tax returns

US 2016 Tax Season To Open On January 19

Westchester NY accountant Paul Herman of Herman & Company CPA’s is here for all your financial needs. Please contact us if you have questions, and to receive your free personal finance consultation!

By Tax-News

Following a review of the recently passed tax extenders legislation, the Internal Revenue Service (IRS) has announced that the US tax season for individual tax returns will begin as scheduled on January 19, 2016.

The IRS will begin accepting e-filed returns that day. The IRS expects to receive more than 150m individual returns in 2016, with more than four out of five being prepared and e-filed using tax return preparation software.

The IRS will begin processing paper tax returns at the same time. The IRS pointed out that while many tax software companies will begin accepting tax returns earlier in January and submit them to the IRS when processing systems open, there is no advantage for taxpayers filing paper tax returns in early January, instead of waiting for e-file to begin.

“We look forward to opening the 2016 tax season on time,” IRS Commissioner John Koskinen said. He noted that the new legislation makes permanent many provisions and extends many others for several years. “This provides certainty for planning purposes, which will help taxpayers and the tax community, as well as the IRS,” he said.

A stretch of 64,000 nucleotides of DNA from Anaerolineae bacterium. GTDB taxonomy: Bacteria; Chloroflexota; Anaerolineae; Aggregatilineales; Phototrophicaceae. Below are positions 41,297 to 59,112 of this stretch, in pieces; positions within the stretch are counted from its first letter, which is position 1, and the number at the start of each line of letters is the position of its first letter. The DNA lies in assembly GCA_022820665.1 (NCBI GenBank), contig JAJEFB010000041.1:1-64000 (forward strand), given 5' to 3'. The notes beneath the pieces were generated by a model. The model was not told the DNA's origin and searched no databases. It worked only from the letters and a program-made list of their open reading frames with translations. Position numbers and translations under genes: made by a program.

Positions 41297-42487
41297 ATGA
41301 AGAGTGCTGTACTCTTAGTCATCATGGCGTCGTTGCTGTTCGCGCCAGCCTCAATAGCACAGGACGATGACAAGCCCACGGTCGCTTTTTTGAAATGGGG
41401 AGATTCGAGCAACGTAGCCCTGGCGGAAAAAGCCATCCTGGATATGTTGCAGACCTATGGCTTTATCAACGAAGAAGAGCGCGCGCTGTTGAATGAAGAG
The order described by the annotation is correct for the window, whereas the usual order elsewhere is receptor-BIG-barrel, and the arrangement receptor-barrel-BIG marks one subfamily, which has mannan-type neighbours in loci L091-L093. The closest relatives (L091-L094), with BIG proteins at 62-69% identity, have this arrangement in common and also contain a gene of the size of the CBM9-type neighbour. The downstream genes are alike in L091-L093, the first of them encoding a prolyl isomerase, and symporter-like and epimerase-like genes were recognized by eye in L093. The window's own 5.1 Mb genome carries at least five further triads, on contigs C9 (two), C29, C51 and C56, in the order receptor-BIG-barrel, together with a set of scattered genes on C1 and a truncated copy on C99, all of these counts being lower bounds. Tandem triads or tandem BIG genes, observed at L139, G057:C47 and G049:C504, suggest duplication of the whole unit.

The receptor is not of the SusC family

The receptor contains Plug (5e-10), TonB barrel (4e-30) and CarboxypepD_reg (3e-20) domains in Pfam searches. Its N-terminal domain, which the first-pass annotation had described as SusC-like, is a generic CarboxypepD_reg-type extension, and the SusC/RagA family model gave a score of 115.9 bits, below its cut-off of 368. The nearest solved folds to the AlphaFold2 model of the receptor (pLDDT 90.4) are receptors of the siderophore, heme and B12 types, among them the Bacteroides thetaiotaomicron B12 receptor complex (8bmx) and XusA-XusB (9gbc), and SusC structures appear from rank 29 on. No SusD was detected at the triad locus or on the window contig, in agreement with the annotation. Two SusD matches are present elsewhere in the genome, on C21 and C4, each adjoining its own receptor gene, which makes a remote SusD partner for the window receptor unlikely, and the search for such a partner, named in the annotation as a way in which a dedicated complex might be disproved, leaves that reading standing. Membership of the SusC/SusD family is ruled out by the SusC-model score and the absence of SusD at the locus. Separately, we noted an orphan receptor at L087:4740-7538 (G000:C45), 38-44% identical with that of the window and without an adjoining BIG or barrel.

“We encourage taxpayers to take full advantage of the expanding array of tools and information on the IRS website to make their tax preparation easier,” he added.

The IRS also confirmed that, as part of the Security Summit initiative, it has been working closely with the tax industry and state revenue departments to provide stronger protections against identity theft for taxpayers during the coming filing season.

The filing deadline to submit 2015 tax returns will be April 18, 2016.

Paul S. Herman CPA, a tax expert for individuals and businesses, is the founder of Herman & Company, CPA’s PC in White Plains, New York.  He provides guidance and strategies to improve clients’ financial well-being.

College Students: The Gray Area of Exemptions

Westchester NY accountant Paul Herman of Herman & Company CPA’s is here for all your financial needs. Please contact us if you have questions, and to receive your free personal finance consultation!  

There’s still time to take advantage of last-minute, tax-saving moves for dependency exemptions. For 2014, there are bigger dependency exemptions, as well as rules that, in some cases, are dauntingly complex. Read the below article by Julian Block from Accounting Web!

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The 2014 exemption is worth $3,950, up from the 2013 figure of $3,900. But you can’t take an exemption for an individual who is eligible to be claimed as a dependent on someone else’s return. An example: No exemption for a child on the child’s return when he or she can be claimed on the parent’s return.